It's been lamentably long since my last visit to Rome, and all my memories of it have taken on that misty, dreamy quality when you're not sure whether it's a true remembrance or one half-embellished with your fantasies of what really happened. Although, Rome is so very old and layered in memory that I wonder whether this happens to everyone who passes through. As you walk down the cobblestone streets or gaze at the magnificent monuments, it's hard not to think of all the hundreds of thousands of people who have done the same over the centuries. You're just the latest in the unending chain of people doing the same thing in the eternal city. The person throwing coins in Trevi Fountain? The person buying flowers in Campo de' Fiori? The person gazing skyward at the frescos in the Sistine Chapel? I'm sure I did all those things, just as I'm sure so many have done so before me, and will after me. It's easy to turn my trip into some sort of "Stereotypical Greatest Hits of Rome" after all this time.
There are a few memories that stand out as I riffle through them: seeing Piazza Navona for the first time, lined with buildings in all shades of terra cotta and sienna and umber. The train ride from Rome to Florence, watching the countryside uncurl outside the window. Running into an acquaintance from work at the Uffizi (now that memory, I know I didn't make up!) Learning how to order my favorite flavor of gelato (stracciatella).
And then there is the memory of one hot afternoon wandering around Florence, eyes overstuffed with art and feet protesting another museum foray. We stopped at a cafe to take una pausa, whereupon my companion declared that now was the perfect opportunity to try that immortal Italian liqueur, limoncello.
Of course, limoncello is classically meant as a digestif, preferably on a balmy summer night next to the Amalfi coast. But it's a very fine companion for a lazy afternoon as well, and as tourists, we at least had the excuse of ignorance. The limoncello arrived in tiny glasses, chilled and frosty white. The almost shockingly yellow liqueur looked like distilled sunshine. I took a sip and let that frozen shard of sunlight unfurl itself, tingling, inside me.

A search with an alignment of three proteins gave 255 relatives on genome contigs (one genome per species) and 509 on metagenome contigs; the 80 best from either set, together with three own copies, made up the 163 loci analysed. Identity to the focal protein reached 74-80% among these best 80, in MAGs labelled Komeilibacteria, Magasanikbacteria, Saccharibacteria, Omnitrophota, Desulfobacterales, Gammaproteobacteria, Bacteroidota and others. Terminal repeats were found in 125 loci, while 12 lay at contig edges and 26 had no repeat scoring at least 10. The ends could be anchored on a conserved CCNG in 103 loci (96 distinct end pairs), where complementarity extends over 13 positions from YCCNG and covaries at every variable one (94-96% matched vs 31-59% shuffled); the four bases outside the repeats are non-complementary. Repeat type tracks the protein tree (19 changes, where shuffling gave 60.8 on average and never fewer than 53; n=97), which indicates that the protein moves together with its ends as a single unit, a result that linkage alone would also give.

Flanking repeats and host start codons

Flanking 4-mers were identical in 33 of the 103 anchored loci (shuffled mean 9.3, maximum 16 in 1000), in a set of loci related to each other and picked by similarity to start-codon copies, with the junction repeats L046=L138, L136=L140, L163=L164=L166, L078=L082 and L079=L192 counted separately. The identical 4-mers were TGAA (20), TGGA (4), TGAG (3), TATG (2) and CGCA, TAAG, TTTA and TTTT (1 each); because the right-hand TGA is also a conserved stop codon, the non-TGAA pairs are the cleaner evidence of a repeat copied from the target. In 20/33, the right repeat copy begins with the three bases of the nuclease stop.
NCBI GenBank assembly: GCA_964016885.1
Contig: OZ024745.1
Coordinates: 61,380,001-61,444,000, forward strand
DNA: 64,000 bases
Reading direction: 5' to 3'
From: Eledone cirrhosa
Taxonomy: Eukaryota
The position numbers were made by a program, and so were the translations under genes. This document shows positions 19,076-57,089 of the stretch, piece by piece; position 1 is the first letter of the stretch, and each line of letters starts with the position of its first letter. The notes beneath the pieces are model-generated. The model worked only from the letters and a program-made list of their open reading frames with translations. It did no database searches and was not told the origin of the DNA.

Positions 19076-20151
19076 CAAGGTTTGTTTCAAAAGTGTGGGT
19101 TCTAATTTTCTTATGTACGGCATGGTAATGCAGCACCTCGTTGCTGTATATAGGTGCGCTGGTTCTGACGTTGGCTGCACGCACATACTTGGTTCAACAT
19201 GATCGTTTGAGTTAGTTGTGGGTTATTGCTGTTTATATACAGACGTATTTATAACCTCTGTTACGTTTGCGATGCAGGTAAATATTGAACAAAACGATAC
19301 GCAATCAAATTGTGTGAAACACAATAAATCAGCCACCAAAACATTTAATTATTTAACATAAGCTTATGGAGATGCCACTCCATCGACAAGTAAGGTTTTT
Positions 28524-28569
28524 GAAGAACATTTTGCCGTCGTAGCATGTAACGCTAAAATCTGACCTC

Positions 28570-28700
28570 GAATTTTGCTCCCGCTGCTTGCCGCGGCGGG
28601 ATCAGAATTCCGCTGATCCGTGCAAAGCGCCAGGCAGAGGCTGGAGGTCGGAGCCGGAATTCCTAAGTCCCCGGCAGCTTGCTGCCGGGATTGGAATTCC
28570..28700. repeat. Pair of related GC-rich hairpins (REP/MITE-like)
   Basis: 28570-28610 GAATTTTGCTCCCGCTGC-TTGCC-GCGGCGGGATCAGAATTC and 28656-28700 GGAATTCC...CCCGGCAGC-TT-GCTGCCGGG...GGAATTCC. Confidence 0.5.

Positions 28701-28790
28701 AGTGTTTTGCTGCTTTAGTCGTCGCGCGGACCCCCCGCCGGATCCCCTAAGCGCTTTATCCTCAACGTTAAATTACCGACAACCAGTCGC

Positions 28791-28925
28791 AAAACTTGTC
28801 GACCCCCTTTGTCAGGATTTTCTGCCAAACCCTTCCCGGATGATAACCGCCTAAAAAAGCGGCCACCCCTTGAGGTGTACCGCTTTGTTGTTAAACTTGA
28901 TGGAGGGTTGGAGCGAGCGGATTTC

Years have passed since that trip to Rome, and just as long since I've had a sip of limoncello. But when I found myself in possession of a bottle of it the other day, it was as easy as falling into dream to take a sip and remember that dusty summer afternoon and my first taste of limoncello.
Now, as with any other new foodstuff that I encounter since I've gone to pastry school, I find myself pondering, how could I use this in my baking? The answer revealed itself in a most serendipitous manner when I came across a recipe in Delicious magazine for a strawberry and limoncello semifreddo – the name itself positively wafts summer.
What can be confusing about semifreddo, as I've detailed before, is that it's really more of a class of dessert than one specific recipe. That's why when you go researching semifreddo you're likely to find a whole range of techniques, from Italian meringue to pâté à bombe to crème anglaise. You have semifreddo that is studded with nuts and nougat, formed into a terrine, and served in slices. You have semifreddo that is frozen into cups and eaten with a spoon, like a mousse. The only consistent qualification for semifreddo, it seems, is that is must be light and fluffy – to the point of gossamer insubstantiality.